A show you really want to watch isn’t the best option, as it’s hard to follow all the on-screen action while you’re doing push-ups, burpees, and whatever other activities the program throws your way.
The ACSM review notes that a 30-minute workout on the app works well, with enough intensity and activity for a good session.
You can also tweak the amount of time between exercises.
Ten seconds before you finish each exercise, the voice of your “trainer” will tell you what you’ll be transitioning to next.
It’s helpful to have a small buffer to move into position for your next exercise – the default time in between is five seconds, which works well.
You can generally customise the length of exercise intervals and rest breaks that you get as well.
Each exercise comes with an animation that shows you exactly how to perform it, which comes in handy since proper form is essential.
In the strength section, you do each exercise for 30 seconds before transitioning to the next one.
There are multiple varieties of push-ups, planks, and squats that you’ll regularly encounter. Animations show exactly what you should be doing so you aren’t left searching for an explanation when you hear “Spiderman push-ups.”
After five exercises (or 2 1/2 minutes), you’ll get a 30-second break.
There’s a good variety of exercises, some easier or harder than others.
Randomization keeps it interesting, though you’ll sometimes hit a hard set, with burpees followed by diamond push-ups or something along those lines.
The 2015 review said the variation of exercises contained within Sworkit was a particular strength of the app. Research has shown that variety is important for fitness, as becoming accustomed to a particular training routine can make people more likely to plateau. Additionally, researchers have shown that people are more likely to stick with a varied workout routine than one that includes the same plan all the time.
The review also notes, however, that some of Sworkit’s exercises may be too difficult for beginners and that some recommended activities, like plyometric jump squats, may not be safe for beginners.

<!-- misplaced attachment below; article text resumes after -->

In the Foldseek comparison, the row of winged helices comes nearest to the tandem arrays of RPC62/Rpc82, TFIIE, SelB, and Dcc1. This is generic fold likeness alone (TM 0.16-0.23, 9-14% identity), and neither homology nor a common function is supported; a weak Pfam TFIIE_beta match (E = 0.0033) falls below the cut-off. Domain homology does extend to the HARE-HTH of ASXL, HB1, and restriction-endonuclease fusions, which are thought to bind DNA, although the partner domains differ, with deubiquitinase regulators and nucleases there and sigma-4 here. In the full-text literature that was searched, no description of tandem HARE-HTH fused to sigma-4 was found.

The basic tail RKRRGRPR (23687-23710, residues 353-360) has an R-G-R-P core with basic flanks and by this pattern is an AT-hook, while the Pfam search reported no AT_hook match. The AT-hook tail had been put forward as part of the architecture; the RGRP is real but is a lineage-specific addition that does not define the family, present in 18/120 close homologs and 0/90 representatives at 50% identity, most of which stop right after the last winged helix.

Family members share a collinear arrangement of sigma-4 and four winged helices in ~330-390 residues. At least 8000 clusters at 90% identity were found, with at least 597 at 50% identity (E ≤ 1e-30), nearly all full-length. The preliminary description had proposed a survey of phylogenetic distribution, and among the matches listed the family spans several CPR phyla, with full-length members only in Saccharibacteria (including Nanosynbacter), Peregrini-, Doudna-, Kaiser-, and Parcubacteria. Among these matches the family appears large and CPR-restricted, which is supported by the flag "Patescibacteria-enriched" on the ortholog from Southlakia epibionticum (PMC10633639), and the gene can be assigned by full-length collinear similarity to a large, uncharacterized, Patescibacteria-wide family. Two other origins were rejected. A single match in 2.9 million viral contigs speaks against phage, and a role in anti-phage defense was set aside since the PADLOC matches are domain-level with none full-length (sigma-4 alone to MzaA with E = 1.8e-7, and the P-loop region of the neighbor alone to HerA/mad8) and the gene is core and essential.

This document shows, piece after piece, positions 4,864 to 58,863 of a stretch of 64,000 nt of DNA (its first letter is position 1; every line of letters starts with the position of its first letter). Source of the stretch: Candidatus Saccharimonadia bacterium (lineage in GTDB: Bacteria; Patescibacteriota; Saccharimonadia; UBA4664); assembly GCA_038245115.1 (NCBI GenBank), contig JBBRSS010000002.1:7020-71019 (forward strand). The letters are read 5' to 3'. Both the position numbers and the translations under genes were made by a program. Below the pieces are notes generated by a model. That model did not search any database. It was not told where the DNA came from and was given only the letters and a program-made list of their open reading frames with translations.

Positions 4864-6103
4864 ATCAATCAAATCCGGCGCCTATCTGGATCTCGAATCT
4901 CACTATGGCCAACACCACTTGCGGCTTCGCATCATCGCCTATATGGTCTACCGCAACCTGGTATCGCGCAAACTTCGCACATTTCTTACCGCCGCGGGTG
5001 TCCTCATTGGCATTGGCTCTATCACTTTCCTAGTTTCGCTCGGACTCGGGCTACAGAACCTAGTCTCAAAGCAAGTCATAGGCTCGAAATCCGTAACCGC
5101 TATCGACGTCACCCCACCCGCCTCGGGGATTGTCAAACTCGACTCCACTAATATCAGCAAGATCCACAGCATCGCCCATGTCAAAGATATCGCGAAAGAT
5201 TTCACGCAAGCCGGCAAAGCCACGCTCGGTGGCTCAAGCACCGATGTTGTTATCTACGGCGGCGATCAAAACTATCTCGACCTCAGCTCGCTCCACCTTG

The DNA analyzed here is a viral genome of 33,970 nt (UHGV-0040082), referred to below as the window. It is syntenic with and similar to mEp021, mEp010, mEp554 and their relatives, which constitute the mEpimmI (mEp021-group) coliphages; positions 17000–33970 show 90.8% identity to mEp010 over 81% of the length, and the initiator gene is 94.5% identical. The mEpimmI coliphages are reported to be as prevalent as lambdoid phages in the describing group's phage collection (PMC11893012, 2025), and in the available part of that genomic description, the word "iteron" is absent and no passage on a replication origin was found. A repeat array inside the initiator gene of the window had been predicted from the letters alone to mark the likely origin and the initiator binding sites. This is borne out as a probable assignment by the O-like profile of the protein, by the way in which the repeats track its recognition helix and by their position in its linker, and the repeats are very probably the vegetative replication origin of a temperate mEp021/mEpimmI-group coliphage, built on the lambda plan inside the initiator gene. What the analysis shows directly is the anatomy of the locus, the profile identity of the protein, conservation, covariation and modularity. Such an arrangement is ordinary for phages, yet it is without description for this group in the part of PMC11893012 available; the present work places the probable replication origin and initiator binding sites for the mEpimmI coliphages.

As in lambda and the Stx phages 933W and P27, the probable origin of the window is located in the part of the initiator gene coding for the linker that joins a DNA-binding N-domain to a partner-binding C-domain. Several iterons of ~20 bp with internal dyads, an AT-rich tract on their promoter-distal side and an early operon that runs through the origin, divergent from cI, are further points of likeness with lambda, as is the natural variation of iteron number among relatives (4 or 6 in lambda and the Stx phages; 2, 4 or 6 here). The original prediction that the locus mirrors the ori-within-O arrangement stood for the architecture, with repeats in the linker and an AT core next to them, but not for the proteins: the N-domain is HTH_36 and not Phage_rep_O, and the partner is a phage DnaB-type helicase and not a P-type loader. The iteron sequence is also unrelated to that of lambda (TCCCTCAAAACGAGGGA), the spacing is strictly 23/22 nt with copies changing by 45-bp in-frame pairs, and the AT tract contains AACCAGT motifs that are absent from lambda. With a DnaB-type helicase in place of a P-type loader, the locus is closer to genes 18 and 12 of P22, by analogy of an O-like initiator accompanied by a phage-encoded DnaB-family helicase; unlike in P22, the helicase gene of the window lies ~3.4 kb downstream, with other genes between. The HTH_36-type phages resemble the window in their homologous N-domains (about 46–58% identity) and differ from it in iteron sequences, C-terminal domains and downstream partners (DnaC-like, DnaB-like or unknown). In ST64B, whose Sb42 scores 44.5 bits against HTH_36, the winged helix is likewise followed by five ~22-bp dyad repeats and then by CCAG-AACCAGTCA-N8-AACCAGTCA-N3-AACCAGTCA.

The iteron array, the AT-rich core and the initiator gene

From the home screen, you can select the “My Sworkit” tab to see your recent progress.
In the settings options, you can also connect the app to Apple’s Health app, Strava, or MyFitnessPal to track workouts.
You can also set goals or reminders and look at breakdowns of the workouts you’ve been doing.
You can also search for, create, and save custom workouts.
Custom workouts allow you to set up routines however works best for you.
Some sport-specific ones we’ve found include workouts for soccer players, snowboarders, or surfers.
The exercise list, which you can use to create a custom workout, is impressive.
There’s a long list of different activities you can include in any custom workout, including segments from cardio, strength, yoga, or stretching routines.
You can filter by type of activity, exercise category, and other options. When taking a look at individual exercises in the list, you can see how they’re done, which muscles they work, and even how loud they are, which can be helpful if you live in an apartment building.
Other sections of the app, like the cardio section, work similarly to the strength workouts.
To meet fitness guidelines, you should do about 30 minutes of exercise a day, with two strength days and five days of at least moderate cardio exercise – though you can get by with less, if you work out at a higher intensity.
It’s pretty easy to work hard enough to use these training programs as a sort of high-intensity interval training program, and there are even custom workouts set up to be used that way.
The yoga section includes a few different sequences, including a sun salutation and an everyday option.
A caveat here is that learning the proper position for yoga poses is important. An app can’t correct your posture the way a teacher can if you are doing something that’s likely to lead to an injury – and yoga injuries can be serious.
Still, these particular routines are not incredibly demanding – they feel good but don’t push as hard as some of the strength-training drills.
There’s a similar variety of stretching routines.
Flexibility is an important and often neglected aspect of fitness, according to the American College of Sports Medicine.
These routines can be a solid warmup or a good option for a day you are feeling sore. They’re also a nice way to start your morning.
While the app is a great option to have, don’t make it the only part of your exercise regimen.
Through an app like Sworkit, you can get a good set of activities that should help you fit workouts into your routine, but you may not want to rely on it as your only form of exercise.
There are good reasons to do other activities too. Running comes with a huge number of health benefits, for example. The strength exercises you can do as part of a bodyweight routine like Sworkit are great, but at a certain point, to further strengthen muscles and bones, you may need more resistance, as you get from weights.
Still, I’ve found that having a well-defined routine with some variety that you can do at home is invaluable. And since I know it’s easy to do, it makes it hard to skip a workout, even if I can’t leave the apartment.
It’s a useful part of a fitness plan, even if it isn’t a complete plan itself.